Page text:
The 12AT7 Valve

ECC81 12AT7 valve
The ECC81 (12AT7) Valve/Tube for sale.

12AT7 (ECC81) Valves For Sale.

We sell the superb 12AT7 valve, also known as the ECC81, made by JJ.

JJ are one of only three valve manufacturers in the world so you know you are buying from the source. Don’t pay more for rebranded versions of exactly the same valve. Click here to see our prices.

The 12AT7 Valve  is a small preamplifier valve with two identical triodes both of which have a high voltage gain. The 12AT7 (also known in Europe by the Mullard-Philips tube designation of ECC81) is a miniature 9-pin medium-gain (x60) dual-triode vacuum tube popular in guitar amplifiers.

It belongs to a large family of dual triode vacuum tubes which share the same pinout, including in particular the very commonly used low-mu 12AU7 (ECC82) and high-mu 12AX7 (ECC83).

About the 12AT7 valve.

The 12AT7 (ECC81) has somewhat lower voltage gain than the 12AX7 (ECC83), but higher trans conductance and plate current. This makes it suitable for high frequency applications.

Originally the tube was intended for operation in VHF circuits, such as TV sets and FM tuners, as an oscillator/frequency converter. However, it also found wide use in audio as a driver and phase-inverter in vacuum tube push-pull amplifier circuits (which almost all valve guitar amplifiers use).

This tube is essentially two 6AB4s or two EC92s in a single envelope.

The reason the 12AT7 (ECC81) valve is used so much is because it’s actually two identical valves in one envelope! So designers can get two gain stages using just one 12AT7 valve.

In technical terms, the 12AT7 valve is a “dual medium gain triode”.

Let’s unpack that…

  1. ‘Dual’ – there are two valves in the one glass envelope.
  2. ‘Medium Gain’ – speaks for itself. The gain is about x60 compared with x100 for the ECC83.
  3. ‘Triode’ – the ‘ode’ part refers to electrode. So each valve has 3 electrodes. A Cathode, an Anode and a Grid.

How on earth do they pack all that into one 9-pin envelope! 6 pins are taken up by the cathodes, anodes and grids. But each valve also has a heater, so that would need another 4 pins. 6+4=10 and we only have 9 pins!

So on the 12AT7 (ECC81) valve they put the heaters in series and bring out the two ends and a centre tap. Neat – and only 9 pins. You can put 12V across both heaters, or 6V across the individual heaters and ground the centre tap.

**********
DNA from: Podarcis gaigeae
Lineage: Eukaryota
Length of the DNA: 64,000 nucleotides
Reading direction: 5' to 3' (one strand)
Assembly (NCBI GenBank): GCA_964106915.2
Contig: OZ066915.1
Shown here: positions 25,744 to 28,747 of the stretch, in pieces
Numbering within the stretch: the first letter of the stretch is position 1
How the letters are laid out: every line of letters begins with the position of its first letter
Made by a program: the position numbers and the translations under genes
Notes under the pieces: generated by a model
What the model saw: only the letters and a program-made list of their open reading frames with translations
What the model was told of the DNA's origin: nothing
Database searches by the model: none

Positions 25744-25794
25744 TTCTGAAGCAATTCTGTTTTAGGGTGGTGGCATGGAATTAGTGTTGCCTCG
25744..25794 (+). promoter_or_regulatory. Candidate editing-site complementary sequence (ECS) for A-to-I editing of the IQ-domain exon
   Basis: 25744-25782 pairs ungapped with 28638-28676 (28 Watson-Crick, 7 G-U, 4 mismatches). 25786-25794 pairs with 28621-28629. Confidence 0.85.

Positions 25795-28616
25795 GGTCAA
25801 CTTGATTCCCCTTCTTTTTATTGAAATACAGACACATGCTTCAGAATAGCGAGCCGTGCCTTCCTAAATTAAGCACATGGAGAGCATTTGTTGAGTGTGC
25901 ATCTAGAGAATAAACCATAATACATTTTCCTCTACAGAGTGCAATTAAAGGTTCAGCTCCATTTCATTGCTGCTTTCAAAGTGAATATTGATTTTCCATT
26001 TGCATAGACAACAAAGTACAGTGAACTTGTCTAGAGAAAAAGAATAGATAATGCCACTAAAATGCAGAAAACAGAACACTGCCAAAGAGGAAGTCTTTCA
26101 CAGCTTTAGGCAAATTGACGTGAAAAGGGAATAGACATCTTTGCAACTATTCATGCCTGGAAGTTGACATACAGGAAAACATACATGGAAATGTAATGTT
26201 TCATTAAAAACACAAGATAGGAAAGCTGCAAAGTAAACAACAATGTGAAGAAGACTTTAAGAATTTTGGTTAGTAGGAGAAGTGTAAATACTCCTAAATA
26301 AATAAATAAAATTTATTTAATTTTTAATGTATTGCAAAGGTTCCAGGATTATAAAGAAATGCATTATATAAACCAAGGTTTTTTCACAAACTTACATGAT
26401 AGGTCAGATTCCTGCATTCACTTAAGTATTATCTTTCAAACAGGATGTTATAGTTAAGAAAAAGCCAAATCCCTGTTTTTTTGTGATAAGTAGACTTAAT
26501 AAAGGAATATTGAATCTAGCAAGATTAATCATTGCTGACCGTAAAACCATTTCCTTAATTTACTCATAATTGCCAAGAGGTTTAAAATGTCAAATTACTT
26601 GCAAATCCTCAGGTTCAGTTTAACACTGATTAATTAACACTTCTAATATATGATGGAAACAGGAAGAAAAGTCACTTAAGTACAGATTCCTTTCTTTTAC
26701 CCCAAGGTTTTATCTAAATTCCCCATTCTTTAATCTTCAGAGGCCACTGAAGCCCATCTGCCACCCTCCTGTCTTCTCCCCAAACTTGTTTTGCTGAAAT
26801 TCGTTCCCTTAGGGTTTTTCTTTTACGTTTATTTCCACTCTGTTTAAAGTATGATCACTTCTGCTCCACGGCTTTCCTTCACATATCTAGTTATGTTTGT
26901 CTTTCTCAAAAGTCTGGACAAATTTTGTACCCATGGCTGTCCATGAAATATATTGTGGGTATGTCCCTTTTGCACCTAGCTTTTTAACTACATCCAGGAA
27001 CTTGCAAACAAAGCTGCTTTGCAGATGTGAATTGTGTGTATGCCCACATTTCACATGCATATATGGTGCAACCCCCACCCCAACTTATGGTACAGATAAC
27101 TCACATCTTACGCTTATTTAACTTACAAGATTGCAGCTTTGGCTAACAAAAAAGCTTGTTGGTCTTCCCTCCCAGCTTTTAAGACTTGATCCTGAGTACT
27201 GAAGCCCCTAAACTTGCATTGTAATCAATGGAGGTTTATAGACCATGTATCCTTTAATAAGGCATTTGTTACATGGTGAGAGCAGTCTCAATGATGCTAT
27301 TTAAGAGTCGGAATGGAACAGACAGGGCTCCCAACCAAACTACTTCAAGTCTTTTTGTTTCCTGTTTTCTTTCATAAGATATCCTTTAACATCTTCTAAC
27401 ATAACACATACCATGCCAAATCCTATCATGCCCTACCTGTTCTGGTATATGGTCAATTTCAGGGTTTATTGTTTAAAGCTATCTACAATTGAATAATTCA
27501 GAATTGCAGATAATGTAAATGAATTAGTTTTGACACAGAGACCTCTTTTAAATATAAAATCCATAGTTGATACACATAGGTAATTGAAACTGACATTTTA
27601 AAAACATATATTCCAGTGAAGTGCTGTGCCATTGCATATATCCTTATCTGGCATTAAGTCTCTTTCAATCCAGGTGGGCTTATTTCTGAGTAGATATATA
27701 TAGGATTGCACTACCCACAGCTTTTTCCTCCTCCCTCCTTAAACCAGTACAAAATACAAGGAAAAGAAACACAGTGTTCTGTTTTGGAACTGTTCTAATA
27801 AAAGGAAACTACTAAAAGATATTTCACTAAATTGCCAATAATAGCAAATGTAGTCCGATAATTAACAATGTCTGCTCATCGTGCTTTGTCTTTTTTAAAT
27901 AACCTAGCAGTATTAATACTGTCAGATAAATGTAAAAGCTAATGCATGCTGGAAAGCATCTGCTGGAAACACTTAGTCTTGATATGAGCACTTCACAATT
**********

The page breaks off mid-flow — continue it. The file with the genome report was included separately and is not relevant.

12AT7 versus ECC81 valve. Compare the two.

A common question is “What is the difference between a 12AT7 Valve and an ECC81 valve?”

The answer is simple – there is not the slightest difference between an ECC81 valve and a 12AT7 valve. They are identical. They only differ in name. Confusing, but there it is! One (12AT7) is the American designator and the other (ECC81) is the British.

If you own a valve guitar amplifier it is highly likely to have at least one 12AX7 (ECC83) in it. You may also have an ECC81 (12AT7) but this is rarer. The preamplifier guitar amplifier valves (e.g. 12AX7 or ECC83) take the very low level signal from your guitar and amplify it up in several stages. For reasons I won’t bore you with, you can only get a certain amount of gain from a single valve stage—so you need to cascade several guitar amplifier valves to get the gain we need. This is where it’s very handy to have two separate amplifiers (triodes) in each 12AX7 (ECC83) envelope. You get two stages of gain for the price of one!

Because the 12AT7 (ECC81) has a lowish current capability, you can’t use it to drive the speakers. For that you need bugger, beefier power valves. The 12AT7 (EXCC81) is confined to the early stages of your amplifier where it boosts low level signals to useable levels.

The 12AT7 (ECC83) is also often used to recover the very low level signals coming from the reverb pan (although sometimes this is done with a solid state circuit to save costs).

A typical valve guitar amplifier will have between 3 and 6 preamplifier valves and these are almost always 12AX7 (ECC83) valves with the occasional use of a 12AT7 (ECC81) or 12AU7 (ECC82).

So now you know. There is no difference between a 12AT7 valve and an ECC81 (apart from the printing on the side) – you can buy either. The 12AT7 equivalent is the ECC81.

If you need 12AT7 (ECC81) valves you can buy them here.

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